With Aaron Eckhart, Michelle Rodriguez, Bridget Moynahan, Ramon Rodriguez, Ne-Yo. Directed by Jonathan Liebesman. Rated PG-13 for sustained and intense sequences of war violence and destruction, and for language. 116 minutes.
Likely to be cheered or derided as simply a movie with lots of explosions, like the moronic “Transformers” movies, BATTLE: LOS ANGELES actually draws on two rich streams of movie genres, resulting in an exciting and provocative film. Perhaps it should have made those connections more explicit given the kneejerk reaction of many critics who consider science fiction movies as only about their special effects.
One obvious inspiration is “War Of The Worlds,” both for scenes where we see the city of Los Angeles laid to waste, but also for tapping into the original inspiration for author H.G. Wells. He wanted to give the British – then at the height of the Empire – a taste of their own medicine by making modern readers feel not like they ruled the world but as if they were the primitive locals overwhelmed by a superior force. In modern American terms, the mysterious aliens who are attacking coastal metropolises around the world are engaging in a campaign of “shock and awe.” We never really meet the aliens or understand their motives, although there is speculation they’re after our water. We simply know that humanity is in the way of their objective and mass destruction is their response.
The other source are all those war movies that are not about the generals planning the big battles, but the troops in the field who only know what’s right in front of them. In science fiction terms, an obvious predecessor is “Cloverfield” where the monster and the people fighting it are the backdrop to a group of friends trying to escape. This is not the epic scale of an “Independence Day;” this is the worm’s-eye view.
We meet a group of Marines stationed in California, including Staff Sgt. Michael Nantz (Aaron Eckhart) who is feeling burnt-out after fighting in the Middle East. Not all of his men came back. He’s looking to finish his tour and get out. Very quickly, meteorites heading to Earth turn out to be alien spaceships, and they’re not looking to be friends. They start to raze cities around the globe.
The rest of the film is Nantz and the other troops trying to survive and get to an evacuation point. They rescue some civilians along the way. They try to figure out how to fight back. One of the toughest scenes is when they capture an alien soldier, their only goal being to figure out how to kill it. They rip open the body trying to find what organ is most vulnerable. That’s a sign that the filmmakers weren’t simply interested in the explosions, but thought about what fighting alien life forms might actually entail.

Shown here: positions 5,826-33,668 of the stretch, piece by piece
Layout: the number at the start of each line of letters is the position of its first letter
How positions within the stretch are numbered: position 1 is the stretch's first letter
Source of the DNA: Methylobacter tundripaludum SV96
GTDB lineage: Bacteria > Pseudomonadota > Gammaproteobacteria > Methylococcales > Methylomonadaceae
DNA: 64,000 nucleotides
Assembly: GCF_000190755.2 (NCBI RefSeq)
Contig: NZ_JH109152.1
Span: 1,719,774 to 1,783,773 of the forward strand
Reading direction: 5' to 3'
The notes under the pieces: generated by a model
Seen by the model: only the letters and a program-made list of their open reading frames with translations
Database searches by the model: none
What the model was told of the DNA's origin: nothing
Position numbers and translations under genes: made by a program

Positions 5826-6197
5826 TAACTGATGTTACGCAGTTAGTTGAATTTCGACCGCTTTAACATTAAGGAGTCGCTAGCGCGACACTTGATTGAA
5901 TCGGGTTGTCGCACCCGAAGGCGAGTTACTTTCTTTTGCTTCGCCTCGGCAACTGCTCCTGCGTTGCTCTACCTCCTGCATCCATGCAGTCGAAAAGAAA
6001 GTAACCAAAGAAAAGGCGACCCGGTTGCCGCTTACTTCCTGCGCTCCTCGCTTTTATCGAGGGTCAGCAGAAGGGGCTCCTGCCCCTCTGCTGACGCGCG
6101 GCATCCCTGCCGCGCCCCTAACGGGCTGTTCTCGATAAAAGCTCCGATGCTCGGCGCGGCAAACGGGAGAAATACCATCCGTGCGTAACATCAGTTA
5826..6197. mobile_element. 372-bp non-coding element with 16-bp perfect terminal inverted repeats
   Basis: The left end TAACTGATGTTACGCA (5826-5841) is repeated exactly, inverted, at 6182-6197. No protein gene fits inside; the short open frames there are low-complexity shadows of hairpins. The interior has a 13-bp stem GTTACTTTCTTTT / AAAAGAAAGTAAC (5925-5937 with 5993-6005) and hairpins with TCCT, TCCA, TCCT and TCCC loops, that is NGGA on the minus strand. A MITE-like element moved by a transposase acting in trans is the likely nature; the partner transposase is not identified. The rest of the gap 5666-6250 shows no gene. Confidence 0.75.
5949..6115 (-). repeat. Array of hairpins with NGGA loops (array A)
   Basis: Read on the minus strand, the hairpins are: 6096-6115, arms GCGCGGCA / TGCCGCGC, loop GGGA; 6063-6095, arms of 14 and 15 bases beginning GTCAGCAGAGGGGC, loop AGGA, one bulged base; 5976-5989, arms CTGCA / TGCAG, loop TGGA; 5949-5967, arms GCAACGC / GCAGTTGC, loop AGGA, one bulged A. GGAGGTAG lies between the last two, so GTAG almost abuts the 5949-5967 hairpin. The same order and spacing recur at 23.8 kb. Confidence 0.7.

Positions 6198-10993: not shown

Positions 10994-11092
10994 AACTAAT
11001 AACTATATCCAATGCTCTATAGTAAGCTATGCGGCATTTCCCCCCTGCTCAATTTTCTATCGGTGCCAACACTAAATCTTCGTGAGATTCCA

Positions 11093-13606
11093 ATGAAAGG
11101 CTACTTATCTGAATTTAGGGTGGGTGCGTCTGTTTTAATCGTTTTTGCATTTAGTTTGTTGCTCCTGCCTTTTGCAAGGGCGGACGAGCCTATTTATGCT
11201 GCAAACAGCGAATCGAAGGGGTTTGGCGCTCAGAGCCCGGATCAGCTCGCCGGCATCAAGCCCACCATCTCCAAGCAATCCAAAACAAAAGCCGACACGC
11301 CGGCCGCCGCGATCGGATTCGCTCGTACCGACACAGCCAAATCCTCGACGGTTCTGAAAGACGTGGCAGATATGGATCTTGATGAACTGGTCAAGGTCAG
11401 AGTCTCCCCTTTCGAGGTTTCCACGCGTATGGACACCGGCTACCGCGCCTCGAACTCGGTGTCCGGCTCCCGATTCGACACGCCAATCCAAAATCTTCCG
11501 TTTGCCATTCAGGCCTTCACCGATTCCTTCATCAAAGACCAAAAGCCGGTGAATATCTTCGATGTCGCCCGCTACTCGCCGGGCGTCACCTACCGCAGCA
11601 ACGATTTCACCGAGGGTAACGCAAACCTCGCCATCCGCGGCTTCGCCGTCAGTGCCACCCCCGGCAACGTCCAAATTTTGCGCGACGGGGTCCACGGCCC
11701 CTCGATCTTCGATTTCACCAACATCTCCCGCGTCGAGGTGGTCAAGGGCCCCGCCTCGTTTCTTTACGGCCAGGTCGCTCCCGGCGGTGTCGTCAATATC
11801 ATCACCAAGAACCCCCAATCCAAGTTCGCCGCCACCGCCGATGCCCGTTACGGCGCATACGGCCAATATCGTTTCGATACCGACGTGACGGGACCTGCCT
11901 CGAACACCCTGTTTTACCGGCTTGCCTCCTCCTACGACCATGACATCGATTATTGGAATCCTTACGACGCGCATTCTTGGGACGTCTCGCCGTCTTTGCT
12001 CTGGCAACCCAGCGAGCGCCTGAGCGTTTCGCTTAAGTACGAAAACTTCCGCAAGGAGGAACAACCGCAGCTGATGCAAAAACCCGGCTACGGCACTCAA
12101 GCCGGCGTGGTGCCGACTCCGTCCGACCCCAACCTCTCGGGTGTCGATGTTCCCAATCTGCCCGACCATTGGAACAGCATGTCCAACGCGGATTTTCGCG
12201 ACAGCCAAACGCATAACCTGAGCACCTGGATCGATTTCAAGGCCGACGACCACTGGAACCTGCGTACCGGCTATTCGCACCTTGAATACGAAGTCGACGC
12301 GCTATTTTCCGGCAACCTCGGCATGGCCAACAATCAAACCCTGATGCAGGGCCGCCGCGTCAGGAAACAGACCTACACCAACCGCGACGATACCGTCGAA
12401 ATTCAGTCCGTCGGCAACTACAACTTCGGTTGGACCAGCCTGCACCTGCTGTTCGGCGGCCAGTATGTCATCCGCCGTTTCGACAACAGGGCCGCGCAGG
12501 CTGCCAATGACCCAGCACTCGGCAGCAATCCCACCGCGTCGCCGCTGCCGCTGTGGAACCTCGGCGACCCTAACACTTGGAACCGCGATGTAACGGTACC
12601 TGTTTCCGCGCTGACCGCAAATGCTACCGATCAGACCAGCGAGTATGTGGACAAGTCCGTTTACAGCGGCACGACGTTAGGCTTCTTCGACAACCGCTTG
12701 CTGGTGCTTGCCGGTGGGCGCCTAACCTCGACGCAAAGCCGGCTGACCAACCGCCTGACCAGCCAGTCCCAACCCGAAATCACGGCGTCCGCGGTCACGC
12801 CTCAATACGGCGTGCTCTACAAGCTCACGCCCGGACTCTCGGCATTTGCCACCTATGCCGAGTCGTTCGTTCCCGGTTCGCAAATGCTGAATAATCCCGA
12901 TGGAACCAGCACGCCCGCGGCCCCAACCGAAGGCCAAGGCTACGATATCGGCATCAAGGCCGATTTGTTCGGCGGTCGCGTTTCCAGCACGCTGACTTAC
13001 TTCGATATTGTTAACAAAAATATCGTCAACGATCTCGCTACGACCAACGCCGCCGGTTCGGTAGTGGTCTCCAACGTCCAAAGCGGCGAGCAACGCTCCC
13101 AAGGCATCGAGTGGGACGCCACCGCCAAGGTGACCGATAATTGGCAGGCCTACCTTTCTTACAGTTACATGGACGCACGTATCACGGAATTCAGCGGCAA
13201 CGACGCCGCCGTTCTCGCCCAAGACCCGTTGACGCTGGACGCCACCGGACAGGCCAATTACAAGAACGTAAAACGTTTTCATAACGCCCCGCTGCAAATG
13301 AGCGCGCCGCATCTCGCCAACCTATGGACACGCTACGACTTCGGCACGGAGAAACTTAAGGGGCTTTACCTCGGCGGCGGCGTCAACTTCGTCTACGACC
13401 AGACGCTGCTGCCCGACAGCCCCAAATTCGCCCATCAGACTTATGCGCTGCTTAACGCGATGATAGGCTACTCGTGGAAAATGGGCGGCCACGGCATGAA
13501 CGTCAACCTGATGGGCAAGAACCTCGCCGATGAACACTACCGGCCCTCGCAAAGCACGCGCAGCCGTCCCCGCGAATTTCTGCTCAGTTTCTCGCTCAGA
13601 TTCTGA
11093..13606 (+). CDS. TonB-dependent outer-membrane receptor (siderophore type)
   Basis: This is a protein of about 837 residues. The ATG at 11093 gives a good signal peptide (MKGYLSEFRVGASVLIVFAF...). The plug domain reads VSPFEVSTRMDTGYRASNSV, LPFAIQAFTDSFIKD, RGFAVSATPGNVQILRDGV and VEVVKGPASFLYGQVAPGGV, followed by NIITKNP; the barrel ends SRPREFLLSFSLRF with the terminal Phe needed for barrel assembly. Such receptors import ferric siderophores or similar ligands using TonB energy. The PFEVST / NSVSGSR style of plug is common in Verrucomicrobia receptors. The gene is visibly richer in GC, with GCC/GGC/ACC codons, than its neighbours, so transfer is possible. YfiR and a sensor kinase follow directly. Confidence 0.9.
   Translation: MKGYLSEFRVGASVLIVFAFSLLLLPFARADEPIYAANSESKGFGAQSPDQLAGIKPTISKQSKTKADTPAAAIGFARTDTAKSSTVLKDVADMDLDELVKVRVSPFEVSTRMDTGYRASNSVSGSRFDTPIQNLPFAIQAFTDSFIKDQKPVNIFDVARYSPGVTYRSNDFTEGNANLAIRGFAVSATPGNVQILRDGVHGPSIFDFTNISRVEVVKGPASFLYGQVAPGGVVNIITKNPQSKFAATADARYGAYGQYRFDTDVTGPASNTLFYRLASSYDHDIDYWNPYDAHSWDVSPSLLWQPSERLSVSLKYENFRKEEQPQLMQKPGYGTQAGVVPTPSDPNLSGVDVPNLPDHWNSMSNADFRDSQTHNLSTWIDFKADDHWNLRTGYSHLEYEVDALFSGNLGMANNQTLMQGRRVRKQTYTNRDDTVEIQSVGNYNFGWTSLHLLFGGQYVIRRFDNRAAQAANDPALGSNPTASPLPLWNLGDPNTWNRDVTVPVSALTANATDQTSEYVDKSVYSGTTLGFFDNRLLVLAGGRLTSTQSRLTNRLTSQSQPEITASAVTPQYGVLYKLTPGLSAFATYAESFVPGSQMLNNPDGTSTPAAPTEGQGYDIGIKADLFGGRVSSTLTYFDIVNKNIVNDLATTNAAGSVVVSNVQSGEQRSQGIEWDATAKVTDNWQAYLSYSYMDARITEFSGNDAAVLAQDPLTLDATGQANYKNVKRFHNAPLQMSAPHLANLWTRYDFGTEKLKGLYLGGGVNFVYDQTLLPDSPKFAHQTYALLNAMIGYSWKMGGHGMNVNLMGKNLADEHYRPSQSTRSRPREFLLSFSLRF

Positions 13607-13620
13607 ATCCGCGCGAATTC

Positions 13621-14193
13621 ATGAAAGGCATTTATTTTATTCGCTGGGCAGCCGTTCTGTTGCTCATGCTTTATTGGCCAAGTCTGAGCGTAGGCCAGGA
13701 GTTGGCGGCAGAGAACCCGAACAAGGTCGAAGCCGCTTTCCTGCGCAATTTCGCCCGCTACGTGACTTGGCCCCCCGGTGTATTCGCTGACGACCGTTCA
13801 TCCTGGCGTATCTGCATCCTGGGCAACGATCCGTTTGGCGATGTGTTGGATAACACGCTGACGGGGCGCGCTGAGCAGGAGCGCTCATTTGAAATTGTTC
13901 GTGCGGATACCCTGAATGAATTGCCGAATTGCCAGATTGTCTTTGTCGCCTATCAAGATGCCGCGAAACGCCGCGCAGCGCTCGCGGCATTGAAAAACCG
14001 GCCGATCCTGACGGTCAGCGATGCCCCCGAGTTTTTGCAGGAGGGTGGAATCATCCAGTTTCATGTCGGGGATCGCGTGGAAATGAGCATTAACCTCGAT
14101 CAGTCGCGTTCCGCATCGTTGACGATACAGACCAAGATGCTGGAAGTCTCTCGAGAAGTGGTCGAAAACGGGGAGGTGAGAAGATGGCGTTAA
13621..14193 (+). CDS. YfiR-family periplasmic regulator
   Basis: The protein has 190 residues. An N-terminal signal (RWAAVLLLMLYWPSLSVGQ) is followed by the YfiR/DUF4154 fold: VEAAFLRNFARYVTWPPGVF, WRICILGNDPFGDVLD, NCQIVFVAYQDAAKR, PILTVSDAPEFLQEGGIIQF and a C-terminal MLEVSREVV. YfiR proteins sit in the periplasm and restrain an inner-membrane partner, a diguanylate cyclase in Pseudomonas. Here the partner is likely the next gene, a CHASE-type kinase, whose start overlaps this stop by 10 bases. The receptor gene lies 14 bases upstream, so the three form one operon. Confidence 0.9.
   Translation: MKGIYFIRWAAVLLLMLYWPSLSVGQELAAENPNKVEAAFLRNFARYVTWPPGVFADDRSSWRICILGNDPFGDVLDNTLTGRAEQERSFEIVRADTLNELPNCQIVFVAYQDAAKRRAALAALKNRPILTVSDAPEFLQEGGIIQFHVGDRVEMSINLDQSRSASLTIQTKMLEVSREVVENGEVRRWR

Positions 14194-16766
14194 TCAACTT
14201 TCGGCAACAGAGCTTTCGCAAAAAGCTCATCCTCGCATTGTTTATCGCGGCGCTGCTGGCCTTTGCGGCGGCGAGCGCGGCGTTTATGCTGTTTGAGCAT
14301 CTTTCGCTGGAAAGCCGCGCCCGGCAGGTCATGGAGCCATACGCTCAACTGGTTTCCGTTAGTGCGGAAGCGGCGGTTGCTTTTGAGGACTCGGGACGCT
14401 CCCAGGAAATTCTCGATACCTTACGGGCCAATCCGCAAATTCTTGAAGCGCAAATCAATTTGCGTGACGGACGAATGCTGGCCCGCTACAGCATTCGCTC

As often happens in war movies like this, we get quick sketches of the characters. It’s not like we need to know a lot about them. What identifies them is their Marine creed of leaving no one behind. Indeed the unit takes as its byword a quote attributed to World War I Captain Lloyd Williams, “Retreat? Hell, we just got here!” This is a movie about valor under fire and doing what is necessary to protect your comrade-in-arms. No one complained about “The Hurt Locker” being just about explosions.
“Battle: Los Angeles” may reflect the actions of people in combat but because it’s in a science fiction setting, it will be looked at as having the depth of a fireworks display. That’s a shame, as there’s a solid war film here, as well as the scary thought of what it might be like if we were the “collateral damage” instead of people in Iraq or Afghanistan.•••
Daniel M. Kimmel is a veteran movie critic and author of a host of film-related books, the most recent being Jar Jar Binks Must Die… And Other Observations About Science Fiction Movies. He teaches film at Suffolk University and lives in Somerville.